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Slavoj Zizek’s Covid-19 lockdown survival guide: Guilty pleasures, Valhalla Murders & pretending it's just a game

Slavoj Zizek
Slavoj Zizek

is a cultural philosopher. He’s a senior researcher at the Institute for Sociology and Philosophy at the University of Ljubljana, Global Distinguished Professor of German at New York University, and international director of the Birkbeck Institute for the Humanities of the University of London.

is a cultural philosopher. He’s a senior researcher at the Institute for Sociology and Philosophy at the University of Ljubljana, Global Distinguished Professor of German at New York University, and international director of the Birkbeck Institute for the Humanities of the University of London.

Slavoj Zizek’s Covid-19 lockdown survival guide: Guilty pleasures, Valhalla Murders & pretending it's just a game
To deal with the mental pressure during the coronavirus pandemic, my first rule is it’s not a time to search for spiritual authenticity. Without any shame – assume all small rituals that stabilize your daily life.

Let me begin by a personal confession: I like the idea of being confined to one’s apartment, with all the time to read and work.

Even when I travel, I prefer to stay in a nice hotel room and ignore all famous attractions. A good essay on a famous painting means much more to me than seeing this painting in a crowded museum. But I noticed this makes it worse, not easier, for being now obliged to confinement. Why?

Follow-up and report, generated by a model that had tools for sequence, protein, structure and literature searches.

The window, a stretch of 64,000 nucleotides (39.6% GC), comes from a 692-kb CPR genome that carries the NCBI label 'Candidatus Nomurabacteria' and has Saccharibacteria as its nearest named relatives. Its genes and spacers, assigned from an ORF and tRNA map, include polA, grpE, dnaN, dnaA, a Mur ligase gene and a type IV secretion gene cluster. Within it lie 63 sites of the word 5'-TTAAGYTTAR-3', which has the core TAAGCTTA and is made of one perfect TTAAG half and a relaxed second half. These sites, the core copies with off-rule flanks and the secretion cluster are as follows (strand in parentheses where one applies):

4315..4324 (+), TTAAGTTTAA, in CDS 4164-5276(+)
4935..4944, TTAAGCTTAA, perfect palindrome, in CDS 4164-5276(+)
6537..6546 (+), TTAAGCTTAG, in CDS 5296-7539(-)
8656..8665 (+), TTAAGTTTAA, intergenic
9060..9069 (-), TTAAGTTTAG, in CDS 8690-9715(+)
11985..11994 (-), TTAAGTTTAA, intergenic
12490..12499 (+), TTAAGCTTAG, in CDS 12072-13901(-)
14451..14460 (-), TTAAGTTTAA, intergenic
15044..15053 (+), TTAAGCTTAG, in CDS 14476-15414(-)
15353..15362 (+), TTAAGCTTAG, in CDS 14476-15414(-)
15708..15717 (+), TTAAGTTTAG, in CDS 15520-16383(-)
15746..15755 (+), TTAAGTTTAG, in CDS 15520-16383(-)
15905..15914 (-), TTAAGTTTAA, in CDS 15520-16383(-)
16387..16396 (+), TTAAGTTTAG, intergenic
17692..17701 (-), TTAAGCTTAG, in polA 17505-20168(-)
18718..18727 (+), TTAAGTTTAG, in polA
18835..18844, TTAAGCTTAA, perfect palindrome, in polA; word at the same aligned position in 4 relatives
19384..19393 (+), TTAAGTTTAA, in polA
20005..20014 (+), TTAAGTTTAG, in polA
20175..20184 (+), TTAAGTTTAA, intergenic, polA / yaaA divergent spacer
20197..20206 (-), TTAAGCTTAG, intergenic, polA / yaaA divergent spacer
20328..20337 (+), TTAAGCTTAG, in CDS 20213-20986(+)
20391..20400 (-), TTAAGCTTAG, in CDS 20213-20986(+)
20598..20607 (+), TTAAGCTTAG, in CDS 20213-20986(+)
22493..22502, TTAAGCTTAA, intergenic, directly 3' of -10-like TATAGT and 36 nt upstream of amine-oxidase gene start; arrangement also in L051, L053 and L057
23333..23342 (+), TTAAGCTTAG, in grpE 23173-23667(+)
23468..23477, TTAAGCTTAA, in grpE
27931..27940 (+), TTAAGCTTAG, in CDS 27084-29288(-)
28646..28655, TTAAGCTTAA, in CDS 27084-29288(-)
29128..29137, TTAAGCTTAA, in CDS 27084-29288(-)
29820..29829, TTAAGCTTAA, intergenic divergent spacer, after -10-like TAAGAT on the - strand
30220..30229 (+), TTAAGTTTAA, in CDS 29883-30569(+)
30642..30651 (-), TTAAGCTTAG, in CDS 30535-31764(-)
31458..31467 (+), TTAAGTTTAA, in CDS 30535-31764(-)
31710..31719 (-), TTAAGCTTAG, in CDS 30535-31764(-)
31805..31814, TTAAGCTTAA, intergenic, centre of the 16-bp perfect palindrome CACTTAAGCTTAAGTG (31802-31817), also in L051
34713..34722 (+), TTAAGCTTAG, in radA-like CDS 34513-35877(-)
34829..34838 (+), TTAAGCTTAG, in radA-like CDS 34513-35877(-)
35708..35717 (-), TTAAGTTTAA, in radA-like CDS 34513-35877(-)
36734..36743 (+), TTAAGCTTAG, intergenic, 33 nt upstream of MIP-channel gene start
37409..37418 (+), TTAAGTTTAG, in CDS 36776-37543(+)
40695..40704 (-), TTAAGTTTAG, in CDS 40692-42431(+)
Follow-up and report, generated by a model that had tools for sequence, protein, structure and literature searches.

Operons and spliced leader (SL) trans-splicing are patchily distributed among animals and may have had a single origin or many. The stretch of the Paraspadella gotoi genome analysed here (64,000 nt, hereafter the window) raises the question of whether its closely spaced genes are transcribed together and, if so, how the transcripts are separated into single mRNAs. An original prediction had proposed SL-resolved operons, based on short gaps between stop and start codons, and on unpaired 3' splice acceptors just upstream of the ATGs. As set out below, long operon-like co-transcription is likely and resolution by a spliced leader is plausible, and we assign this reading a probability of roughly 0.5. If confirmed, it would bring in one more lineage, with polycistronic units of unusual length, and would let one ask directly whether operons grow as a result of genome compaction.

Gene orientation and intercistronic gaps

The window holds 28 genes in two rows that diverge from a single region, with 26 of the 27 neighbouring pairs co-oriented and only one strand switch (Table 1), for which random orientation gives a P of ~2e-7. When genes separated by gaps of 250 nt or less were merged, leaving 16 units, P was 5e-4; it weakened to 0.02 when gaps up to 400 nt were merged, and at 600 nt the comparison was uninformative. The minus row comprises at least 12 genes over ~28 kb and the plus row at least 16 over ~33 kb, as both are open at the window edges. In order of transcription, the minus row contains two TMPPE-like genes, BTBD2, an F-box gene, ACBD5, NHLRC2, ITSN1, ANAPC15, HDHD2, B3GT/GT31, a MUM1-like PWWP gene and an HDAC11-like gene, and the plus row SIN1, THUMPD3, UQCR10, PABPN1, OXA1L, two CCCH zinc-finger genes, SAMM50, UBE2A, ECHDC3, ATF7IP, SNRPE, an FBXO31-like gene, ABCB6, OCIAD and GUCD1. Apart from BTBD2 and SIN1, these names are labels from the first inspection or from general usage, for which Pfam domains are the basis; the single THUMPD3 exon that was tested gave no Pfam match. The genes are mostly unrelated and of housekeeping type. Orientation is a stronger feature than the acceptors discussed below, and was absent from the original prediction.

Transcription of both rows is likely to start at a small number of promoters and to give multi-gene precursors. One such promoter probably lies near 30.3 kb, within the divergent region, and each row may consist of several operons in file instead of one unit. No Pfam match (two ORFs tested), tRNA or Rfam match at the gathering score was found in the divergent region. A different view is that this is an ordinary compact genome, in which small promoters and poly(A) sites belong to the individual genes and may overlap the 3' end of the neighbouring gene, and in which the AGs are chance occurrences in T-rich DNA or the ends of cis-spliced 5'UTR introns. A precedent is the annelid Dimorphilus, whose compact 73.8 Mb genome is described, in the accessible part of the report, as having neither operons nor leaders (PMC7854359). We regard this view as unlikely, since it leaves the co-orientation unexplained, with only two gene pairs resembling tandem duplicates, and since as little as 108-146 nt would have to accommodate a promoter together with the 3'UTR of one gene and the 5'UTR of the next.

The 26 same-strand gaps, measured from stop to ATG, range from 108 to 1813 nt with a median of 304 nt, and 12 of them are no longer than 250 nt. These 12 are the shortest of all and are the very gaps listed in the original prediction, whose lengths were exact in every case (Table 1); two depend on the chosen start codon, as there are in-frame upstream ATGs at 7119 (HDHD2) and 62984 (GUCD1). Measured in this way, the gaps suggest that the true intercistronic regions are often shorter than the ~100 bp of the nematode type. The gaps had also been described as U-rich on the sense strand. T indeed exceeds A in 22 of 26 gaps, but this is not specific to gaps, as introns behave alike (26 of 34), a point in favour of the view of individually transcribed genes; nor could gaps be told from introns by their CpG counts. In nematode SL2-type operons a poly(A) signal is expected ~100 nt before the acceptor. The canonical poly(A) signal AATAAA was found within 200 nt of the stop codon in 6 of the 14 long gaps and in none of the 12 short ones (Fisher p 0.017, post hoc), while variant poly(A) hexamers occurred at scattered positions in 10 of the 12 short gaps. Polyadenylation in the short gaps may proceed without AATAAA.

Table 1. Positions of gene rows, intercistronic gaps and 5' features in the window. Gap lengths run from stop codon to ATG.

Let me repeat the famous joke from Ernst Lubitsch’s Ninotchka: “‘Waiter! A cup of coffee without cream, please!’ ‘I’m sorry, sir, we have no cream, only milk, so can it be a coffee without milk?’” 

At the factual level, coffee remains the same coffee, but what we can change is to make the coffee without cream into a coffee without milk – or, even simpler – to add the implied negation and to make the plain coffee into a coffee without milk. 

Is this not what happened with my isolation? Prior to the crisis, it was an isolation “without milk” – I could have gone out, I just chose not to. Now it’s just the plain coffee of isolation with no possible negation implied.

Invisible threats are most terrifying 

My friend Gabriel Tupinamba, a Lacanian psychoanalyst who works in Rio de Janeiro, explained this paradox to me in an email message: “People who already worked from home are the ones who are the most anxious, and exposed to the worst fantasies of impotence, since not even a change in their habits is delimiting the singularity of this situation in their daily lives.” 

His point is complex but clear: if there is no great change in our daily reality, then the threat is experienced as a spectral fantasy nowhere to be seen and all the more powerful for that reason. Remember that, in Nazi Germany, anti-Semitism was strongest in those parts where the number of Jews was minimal – their invisibility made them a terrifying specter.

Tupinamba further noticed that the same paradox held for the outburst of the HIV crisis: “the invisible spread of the HIV crisis was so nerve-wracking, the impossibility of rendering ourselves commensurate with the scale of the problem, that having one’s passport ‘stamped’ /with HIV/ did not seem, to some, like too high a price to pay for giving the situation some symbolic contours. It would at least give a measure to the power of the virus and deliver us to a situation in which, already having contracted it, we could then see what sort of freedom we would still have.”

The moment the spectral agent becomes part of our reality (even if it means catching a virus), its power is localized, it becomes something we can deal with (even if we lose the battle). As long as this transposition into reality cannot take place, “we get trapped either in anxious paranoia (pure globality) or resort to ineffective symbolisations through acting outs that expose us to unnecessary risks (pure locality).”